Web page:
GOP lawmakers have proposed a tax overhaul that could double the standard deduction for taxpayers in an effort to simplify the filing process. But a simpler tax form could hurt a number of local nonprofits.
Both the U.S. House and Senate are proposing tax overhauls, and both plans include the doubling of the standard deduction – but there is a tradeoff.
“Unfortunately the downside of that is that we would go from 30 percent of taxpayers itemizing down to 5 percent of taxpayers itemizing,” said Rick Cohen, a spokesperson for the National Council of Nonprofits in Washington, D.C. “That means that only 5 percent of taxpayers would have access to the charitable deduction, which is a vital incentive for people to give.”
Cohen says a drop-off like that means a lot of money would not be given to nonprofits.
“We’ve heard estimates saying that anywhere between $13 [billion] and $26 billion in giving to the work of nonprofits in communities across the country would be lost every year,” he said.
In Austin, there are more than 5,000 registered nonprofits, including KUT and KUTX. While philanthropy in Austin is growing, it lags other cities of equivalent size.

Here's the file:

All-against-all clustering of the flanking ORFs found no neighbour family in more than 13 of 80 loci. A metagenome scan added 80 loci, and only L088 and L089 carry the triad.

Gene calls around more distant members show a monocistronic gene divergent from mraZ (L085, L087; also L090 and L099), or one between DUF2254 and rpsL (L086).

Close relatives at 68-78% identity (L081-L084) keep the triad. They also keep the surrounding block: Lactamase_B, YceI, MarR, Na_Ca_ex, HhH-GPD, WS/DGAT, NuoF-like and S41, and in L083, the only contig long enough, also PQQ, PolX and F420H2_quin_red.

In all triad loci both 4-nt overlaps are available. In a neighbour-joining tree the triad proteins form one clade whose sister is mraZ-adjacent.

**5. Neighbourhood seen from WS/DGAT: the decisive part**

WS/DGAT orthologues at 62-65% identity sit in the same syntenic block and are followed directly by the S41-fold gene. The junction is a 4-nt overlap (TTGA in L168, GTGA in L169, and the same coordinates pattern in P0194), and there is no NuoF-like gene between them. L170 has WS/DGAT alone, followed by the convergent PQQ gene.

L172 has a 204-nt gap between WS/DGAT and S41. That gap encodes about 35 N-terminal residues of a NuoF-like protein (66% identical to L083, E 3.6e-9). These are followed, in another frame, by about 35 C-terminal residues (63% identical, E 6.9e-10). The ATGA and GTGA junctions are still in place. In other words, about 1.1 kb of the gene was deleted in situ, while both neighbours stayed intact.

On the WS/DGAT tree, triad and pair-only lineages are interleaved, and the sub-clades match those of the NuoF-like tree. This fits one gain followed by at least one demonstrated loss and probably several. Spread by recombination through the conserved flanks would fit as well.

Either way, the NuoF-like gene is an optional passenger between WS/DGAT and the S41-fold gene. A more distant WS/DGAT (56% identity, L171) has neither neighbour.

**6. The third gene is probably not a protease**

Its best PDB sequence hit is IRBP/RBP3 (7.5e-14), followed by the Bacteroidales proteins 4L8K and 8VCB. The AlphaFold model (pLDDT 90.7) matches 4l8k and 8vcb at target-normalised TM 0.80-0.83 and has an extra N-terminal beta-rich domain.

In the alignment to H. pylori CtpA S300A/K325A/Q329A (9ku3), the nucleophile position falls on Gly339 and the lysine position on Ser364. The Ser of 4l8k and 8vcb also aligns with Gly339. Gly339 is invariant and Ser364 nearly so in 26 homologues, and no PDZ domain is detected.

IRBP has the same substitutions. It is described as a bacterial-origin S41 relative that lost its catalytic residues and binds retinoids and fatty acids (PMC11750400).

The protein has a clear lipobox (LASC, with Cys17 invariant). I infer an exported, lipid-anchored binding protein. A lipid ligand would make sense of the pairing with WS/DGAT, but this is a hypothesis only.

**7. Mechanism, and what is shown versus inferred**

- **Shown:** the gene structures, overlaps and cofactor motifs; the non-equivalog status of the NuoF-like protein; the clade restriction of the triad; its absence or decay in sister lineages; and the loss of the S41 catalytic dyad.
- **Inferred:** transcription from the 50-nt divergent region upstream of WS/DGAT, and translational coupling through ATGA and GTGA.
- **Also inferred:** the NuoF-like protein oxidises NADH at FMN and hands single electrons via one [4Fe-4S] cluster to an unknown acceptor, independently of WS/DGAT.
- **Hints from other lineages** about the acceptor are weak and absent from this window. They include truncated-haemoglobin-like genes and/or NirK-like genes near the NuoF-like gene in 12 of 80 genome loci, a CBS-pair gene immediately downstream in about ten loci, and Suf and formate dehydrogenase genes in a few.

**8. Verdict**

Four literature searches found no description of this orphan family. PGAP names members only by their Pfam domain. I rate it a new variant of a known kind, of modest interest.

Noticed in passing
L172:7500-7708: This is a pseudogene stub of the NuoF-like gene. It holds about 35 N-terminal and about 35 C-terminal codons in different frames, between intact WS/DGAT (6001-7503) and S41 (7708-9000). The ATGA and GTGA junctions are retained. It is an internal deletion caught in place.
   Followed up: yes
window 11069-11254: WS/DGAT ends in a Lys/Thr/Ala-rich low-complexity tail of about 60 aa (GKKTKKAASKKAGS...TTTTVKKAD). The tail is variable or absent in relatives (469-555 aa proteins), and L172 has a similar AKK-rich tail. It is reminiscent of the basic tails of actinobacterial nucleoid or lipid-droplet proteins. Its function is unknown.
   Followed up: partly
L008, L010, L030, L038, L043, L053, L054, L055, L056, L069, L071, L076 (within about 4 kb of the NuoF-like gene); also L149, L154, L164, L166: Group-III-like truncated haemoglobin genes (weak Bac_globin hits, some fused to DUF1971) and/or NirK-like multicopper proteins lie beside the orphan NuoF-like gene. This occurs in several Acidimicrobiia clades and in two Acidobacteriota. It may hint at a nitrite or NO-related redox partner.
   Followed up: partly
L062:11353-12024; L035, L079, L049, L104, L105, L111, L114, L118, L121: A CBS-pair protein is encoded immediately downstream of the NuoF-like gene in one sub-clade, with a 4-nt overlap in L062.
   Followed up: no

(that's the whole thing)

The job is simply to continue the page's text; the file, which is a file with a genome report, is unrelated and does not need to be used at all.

“We’re really good at volunteerism here in Austin, and we’re ahead of the national average, but we have some room to make up on the national average of giving in dollars,” said Celeste Flores, executive director of I Live Here I Give Here, a fundraising nonprofit that helps around 700 other nonprofits around town with its Amplify Austin Day.
Austin ranks 33rd in money donated among the top 50 U.S. metro areas, and Flores said, since the city’s younger population may not have as much to give, losing the charitable deduction may not make too much of a difference.
She said the key is to motivate donors on the strength or missions of the programs they’re giving to.
“It’s all about learning about our community of nonprofits and being inspired to give,” Flores said. “So, I think it’s on us, too, as an ecosystem of nonprofits to inspire and to share what the needs are of the community and how we’re solving those needs.”
Inspiration aside, there still is a big push of donations at year’s end, because of the itemized charity deduction.
I Live Here I Give Year receives about 5 percent of its annual gifts in the last week of the year. KUT receives hundreds of individual donations that same week, with more than a third of those last-second gifts posting on the last day, largely due to the tax incentive.
“Ten percent of giving occurs on the last three days of the year," Cohen said, "which really points to the fact that the tax incentive is an important motivator to give – and to give more.
The House and Senate still have to reconcile the differences in their respective tax plans. There will be changes – perhaps, scaling back the plan to double the standard deduction.
GOP leaders are hoping to pass an overhaul by the end of the year.